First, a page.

With plenty of Surya A and progression to surya B. I started to open my hips. Three legged dog, open leg to open hip then back to three legged dog, then 3 legged plank vinyasa flow. Chair became one legged chair or, figure 4 standing balance. I was working and took the courage to find baby pigeon. As I kept moving, there were times I wanted to give up. I felt heavy again. I couldn’t fly. I wanted to give up. Why couldn’t I do it today? I just did it the other day…Then. I went back to my breath. Got out of my chaotic mind. I flew. Eka Pada Galavasana. It was only for a couple of seconds. This pose has been a challenge for me. In the chaotic day I was able to practice. In a chaotic mind, I was able to refocus. I was able to fly. After practice, I took a sweet savasana and refueled. I just had to make my own decision and it has “made all the difference.”

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Observe and React

It’s amazing how you can observe things and react so quickly without thinking. Or you hear something and you just get so defensive.

So I texted my best guy friend back because I didn’t want the situation to linger or fester. Words were exchanged. Not to be hateful, but we both got defensive. In the heat of the moment I told him to “f off”. What the heck happened? I was at a place where I was so angry.

Time passed. I talked to my girlfriends and my husband. “Let it go, he’s not trying to be malicious.” I realized I reacted from the wrong place. I was sorry, I just had to let him know how I felt. I texted him on What’s up application to apologize. No response back, I’m left hanging.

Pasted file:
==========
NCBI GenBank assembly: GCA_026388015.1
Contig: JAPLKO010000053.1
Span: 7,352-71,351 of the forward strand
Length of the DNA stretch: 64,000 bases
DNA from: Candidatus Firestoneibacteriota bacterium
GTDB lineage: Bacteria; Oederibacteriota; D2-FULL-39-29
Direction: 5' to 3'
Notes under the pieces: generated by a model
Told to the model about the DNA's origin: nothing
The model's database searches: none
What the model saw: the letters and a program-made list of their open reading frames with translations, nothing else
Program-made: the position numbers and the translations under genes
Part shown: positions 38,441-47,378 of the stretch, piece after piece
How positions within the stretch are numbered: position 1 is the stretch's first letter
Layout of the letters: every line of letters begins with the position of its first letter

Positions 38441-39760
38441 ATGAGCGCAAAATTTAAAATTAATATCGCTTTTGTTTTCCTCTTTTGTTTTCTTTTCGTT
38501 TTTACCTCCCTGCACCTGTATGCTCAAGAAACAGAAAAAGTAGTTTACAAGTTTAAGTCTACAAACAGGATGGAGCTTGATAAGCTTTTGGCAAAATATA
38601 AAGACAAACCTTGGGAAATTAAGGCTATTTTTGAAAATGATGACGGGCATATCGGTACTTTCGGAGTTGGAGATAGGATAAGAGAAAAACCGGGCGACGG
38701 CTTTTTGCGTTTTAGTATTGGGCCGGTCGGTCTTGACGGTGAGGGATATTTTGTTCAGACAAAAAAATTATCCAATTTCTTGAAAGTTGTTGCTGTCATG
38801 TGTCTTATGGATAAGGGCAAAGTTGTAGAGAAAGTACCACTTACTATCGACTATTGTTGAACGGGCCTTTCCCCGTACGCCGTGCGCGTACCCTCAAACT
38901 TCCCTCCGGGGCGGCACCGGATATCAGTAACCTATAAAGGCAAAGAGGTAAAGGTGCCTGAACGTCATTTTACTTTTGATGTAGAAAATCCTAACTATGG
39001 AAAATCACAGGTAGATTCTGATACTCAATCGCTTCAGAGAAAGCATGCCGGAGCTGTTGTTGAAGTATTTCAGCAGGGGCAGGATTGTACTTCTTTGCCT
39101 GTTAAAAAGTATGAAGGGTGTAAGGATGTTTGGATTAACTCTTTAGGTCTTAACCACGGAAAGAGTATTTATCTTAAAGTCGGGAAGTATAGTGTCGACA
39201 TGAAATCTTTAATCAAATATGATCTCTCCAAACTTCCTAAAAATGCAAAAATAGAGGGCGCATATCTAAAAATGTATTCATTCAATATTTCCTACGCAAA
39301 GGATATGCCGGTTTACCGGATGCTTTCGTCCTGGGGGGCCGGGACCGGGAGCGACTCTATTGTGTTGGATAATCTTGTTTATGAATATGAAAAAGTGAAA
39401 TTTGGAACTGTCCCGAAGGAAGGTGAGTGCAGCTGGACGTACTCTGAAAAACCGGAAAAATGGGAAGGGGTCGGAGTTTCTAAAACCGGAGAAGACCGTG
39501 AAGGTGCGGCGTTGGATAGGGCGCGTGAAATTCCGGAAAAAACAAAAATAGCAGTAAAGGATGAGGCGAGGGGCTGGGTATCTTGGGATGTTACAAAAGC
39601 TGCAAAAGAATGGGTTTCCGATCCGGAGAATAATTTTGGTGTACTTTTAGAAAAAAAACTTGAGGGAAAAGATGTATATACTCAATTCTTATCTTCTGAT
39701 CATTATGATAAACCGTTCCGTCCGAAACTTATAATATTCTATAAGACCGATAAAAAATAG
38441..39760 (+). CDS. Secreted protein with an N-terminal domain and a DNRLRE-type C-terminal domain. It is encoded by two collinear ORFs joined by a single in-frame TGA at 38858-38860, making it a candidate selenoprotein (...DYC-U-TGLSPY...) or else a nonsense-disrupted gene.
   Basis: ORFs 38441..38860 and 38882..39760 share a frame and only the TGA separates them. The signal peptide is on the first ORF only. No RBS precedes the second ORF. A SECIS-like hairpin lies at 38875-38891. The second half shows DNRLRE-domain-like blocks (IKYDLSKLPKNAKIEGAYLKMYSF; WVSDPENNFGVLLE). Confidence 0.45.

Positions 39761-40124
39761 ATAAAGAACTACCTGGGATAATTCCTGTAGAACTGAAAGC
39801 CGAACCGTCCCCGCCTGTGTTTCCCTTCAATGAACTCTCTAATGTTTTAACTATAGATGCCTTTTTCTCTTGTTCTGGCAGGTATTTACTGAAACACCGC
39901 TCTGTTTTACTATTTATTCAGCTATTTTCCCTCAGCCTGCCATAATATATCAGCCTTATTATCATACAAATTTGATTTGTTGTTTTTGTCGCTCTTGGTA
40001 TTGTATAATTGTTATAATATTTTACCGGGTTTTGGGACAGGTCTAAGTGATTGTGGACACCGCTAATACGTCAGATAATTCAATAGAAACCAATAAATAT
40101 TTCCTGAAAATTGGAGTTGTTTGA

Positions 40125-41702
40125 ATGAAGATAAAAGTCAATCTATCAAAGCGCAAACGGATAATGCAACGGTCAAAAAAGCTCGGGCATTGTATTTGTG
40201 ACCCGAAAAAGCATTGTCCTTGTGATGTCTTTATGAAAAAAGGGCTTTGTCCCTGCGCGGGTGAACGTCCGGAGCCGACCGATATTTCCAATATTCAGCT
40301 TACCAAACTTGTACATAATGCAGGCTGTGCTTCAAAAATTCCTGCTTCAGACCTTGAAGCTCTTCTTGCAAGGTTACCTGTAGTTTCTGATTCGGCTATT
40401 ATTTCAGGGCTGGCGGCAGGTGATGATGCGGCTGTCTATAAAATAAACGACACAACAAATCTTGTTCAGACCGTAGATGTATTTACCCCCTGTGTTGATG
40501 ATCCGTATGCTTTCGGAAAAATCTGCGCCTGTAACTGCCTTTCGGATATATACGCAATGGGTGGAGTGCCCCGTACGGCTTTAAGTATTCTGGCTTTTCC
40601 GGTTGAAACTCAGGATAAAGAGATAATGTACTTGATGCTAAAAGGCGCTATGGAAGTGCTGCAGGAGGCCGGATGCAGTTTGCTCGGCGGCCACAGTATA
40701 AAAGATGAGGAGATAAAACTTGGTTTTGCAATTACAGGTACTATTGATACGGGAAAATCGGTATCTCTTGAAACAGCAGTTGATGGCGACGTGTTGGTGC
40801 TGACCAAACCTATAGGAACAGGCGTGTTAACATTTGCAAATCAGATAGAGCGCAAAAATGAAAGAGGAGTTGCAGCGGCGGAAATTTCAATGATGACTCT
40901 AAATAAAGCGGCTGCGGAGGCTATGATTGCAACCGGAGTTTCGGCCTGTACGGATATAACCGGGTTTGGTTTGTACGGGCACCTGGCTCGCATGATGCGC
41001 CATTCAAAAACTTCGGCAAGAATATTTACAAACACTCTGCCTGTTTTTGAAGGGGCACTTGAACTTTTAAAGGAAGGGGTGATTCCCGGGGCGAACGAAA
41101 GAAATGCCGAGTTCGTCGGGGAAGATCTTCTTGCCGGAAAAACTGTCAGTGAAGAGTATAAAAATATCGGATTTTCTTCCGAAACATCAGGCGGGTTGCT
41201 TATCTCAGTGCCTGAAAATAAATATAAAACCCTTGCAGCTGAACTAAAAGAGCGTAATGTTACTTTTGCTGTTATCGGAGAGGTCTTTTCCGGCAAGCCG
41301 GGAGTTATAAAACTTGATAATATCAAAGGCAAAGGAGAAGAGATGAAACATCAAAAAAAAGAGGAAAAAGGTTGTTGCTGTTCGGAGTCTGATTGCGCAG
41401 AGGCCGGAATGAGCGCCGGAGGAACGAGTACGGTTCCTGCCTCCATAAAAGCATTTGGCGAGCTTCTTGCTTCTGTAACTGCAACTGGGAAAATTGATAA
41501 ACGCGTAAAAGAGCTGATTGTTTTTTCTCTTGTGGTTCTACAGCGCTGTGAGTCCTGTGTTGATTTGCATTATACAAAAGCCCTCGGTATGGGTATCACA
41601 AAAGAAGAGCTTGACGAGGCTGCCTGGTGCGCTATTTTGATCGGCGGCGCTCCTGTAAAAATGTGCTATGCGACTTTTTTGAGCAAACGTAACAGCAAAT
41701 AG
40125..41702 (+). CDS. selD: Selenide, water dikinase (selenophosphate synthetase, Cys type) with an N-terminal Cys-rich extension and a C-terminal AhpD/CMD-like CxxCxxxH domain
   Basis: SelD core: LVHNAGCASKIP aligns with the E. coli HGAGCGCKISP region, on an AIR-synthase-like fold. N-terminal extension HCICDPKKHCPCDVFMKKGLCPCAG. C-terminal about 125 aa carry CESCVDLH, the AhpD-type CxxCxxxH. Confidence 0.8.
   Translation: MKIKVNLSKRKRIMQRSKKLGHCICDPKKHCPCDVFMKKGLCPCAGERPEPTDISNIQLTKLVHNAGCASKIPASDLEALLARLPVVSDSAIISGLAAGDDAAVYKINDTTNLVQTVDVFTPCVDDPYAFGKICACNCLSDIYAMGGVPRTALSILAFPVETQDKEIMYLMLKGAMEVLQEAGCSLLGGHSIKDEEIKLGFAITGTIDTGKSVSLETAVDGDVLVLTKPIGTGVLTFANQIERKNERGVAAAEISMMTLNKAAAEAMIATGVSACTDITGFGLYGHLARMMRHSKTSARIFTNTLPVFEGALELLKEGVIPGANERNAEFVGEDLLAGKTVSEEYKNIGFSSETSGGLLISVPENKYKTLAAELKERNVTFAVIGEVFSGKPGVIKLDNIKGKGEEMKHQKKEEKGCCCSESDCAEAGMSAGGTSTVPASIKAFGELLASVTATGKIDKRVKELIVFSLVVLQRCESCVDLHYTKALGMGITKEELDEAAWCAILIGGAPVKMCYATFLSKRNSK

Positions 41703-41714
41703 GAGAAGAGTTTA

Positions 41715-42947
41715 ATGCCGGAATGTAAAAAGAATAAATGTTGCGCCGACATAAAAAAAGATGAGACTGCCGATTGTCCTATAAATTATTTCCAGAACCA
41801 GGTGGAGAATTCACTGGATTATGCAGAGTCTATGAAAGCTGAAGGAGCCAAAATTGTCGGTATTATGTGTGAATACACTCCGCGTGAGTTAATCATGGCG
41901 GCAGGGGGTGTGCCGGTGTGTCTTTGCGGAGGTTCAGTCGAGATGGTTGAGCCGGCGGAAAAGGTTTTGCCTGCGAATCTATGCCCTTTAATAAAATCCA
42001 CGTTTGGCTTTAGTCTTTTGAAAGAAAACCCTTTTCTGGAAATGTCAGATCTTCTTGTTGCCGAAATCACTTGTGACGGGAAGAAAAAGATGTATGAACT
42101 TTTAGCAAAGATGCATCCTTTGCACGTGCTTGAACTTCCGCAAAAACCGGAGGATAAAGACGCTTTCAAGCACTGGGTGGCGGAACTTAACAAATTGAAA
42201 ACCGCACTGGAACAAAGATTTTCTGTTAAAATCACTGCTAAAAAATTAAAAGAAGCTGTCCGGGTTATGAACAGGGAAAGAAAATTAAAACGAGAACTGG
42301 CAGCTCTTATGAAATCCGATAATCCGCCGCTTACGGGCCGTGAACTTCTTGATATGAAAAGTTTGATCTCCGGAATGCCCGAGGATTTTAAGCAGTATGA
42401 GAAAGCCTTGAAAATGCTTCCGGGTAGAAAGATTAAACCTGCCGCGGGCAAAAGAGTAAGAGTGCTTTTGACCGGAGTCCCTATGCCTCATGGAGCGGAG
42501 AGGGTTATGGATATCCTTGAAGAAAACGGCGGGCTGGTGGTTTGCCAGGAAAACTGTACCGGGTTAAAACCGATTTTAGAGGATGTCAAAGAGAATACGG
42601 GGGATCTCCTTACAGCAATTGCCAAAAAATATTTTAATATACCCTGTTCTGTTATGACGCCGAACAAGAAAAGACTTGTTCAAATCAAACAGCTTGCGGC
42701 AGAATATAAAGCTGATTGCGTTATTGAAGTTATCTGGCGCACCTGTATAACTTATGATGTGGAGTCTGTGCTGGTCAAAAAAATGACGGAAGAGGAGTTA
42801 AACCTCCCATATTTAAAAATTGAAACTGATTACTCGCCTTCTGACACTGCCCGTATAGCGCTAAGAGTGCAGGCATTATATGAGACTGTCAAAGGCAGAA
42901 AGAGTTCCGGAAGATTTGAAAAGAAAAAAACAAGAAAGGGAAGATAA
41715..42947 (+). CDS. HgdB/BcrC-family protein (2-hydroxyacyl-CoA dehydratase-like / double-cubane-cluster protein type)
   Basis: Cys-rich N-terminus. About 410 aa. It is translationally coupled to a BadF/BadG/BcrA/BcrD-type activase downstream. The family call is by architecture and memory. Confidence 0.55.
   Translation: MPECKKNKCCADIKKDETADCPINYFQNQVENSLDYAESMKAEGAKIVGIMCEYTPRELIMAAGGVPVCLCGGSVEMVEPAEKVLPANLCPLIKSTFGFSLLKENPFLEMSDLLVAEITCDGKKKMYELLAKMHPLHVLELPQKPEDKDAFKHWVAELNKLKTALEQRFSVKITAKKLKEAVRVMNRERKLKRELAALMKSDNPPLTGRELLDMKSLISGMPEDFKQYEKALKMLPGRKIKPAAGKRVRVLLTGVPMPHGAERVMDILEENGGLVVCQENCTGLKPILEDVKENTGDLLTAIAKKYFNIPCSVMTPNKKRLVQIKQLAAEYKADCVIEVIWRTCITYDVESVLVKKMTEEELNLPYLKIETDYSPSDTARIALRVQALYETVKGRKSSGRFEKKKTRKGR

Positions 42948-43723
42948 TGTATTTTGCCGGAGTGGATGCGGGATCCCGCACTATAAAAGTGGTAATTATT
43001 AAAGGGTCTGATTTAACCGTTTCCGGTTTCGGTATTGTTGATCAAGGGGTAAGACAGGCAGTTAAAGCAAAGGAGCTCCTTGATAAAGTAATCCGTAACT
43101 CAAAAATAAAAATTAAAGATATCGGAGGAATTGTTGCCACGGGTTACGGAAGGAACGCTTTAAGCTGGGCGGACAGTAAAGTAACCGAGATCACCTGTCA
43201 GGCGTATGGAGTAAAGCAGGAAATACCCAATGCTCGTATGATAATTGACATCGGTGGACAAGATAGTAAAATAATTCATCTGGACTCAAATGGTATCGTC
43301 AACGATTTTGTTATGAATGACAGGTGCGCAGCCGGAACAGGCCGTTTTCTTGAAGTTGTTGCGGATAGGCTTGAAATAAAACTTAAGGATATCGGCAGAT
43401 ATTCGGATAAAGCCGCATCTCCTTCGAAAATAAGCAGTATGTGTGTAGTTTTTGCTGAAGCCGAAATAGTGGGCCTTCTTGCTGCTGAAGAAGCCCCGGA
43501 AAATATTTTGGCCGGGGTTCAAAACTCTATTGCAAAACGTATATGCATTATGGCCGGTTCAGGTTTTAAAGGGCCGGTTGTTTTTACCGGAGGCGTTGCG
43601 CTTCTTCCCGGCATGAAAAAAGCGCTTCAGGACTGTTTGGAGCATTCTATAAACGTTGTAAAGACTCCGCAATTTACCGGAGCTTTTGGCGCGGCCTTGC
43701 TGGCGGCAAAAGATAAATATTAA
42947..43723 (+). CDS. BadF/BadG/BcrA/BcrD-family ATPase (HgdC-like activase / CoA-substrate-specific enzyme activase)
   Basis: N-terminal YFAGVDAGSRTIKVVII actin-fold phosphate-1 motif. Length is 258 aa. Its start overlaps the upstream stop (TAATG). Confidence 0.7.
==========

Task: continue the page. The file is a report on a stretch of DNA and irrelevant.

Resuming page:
Life has everyday stresses, and it’s the way we approach it. We can react from a calmer place or in a more turbulent state of mind. If I had stayed in the conversation, I probably would have said something more hurtful back instead of cussing. Really hurtful. I’m glad I didn’t.

We can also storm off, drive away. Angry. I’ve known of others that leave a situation and drive off speeding down the freeway, angry. In my younger years, that may have been me. That would result in a worse situation.

We can react differently. We can observe. Then react from a safer calm place. A place of common sense. A place of strength.

I’m waiting to hear back. I’m not writing off the years of friendship. He is a piece of me, my friend, my brother. I’ll always love him.  Maybe all will be forgotten and healed. We’ll see. Until then, I will just take a moment to breathe and observe.

Mutka Hasta Sirsasana B and Hasta La Vista Anger

I had a fight with my best guy friend last night. We never fought before, this is the first. Chatting on What’s up application, he’s in Thailand to find his nirvana. I talked to him about how there’s so much chaos in the world and how it would be nice just to be free from that. Long story short, it ended up where he insulted and judged my family. Needless to say, I stopped the conversation. He’s texted me back, I don’t plan to read it yet. This is where it comes to breathing. I came back to what was important to me. Maybe he is going through mid-life crisis. It makes me sad. I wish him to find peace. I let my anger go. Typically, I’d be venting and crying. Nope. I just sat there and thought. Wow. Let’s pray for some truth. Then I thought of a beautiful chant/mantra from Upanishads…

Om asato ma sadgamaya
tamaso ma jyotirgamaya
mrtyorma amrtam gamaya

Lead me from the untruth to the truth.
Lead me from darkness to light.
Lead me from death to immortality.

(Brhadaranyaka Upanishad — I.iii.28)

Today, I practiced opening my shoulders to release the tension I was holding. In my practice, it let me to Mutka Hasta Sirsasana B. Make sure you’ve nailed Salamba Sirsasana first before attempting it. Mutka means “Free” and Hasta means “Hands” headstand.

From Pravritta Padottasana
Back of hands on the ground
Press knuckles in the earth, drawing shoulders away from ears. Find dristi. Breathe. Activate feet.

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Slowly lift legs and press toe mounds in the sky.

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Release to child’s pose. Be sure that you press hands into the earth to take the pressure away from the neck.

Hasta La Vista Anger!

Why cold in Yin?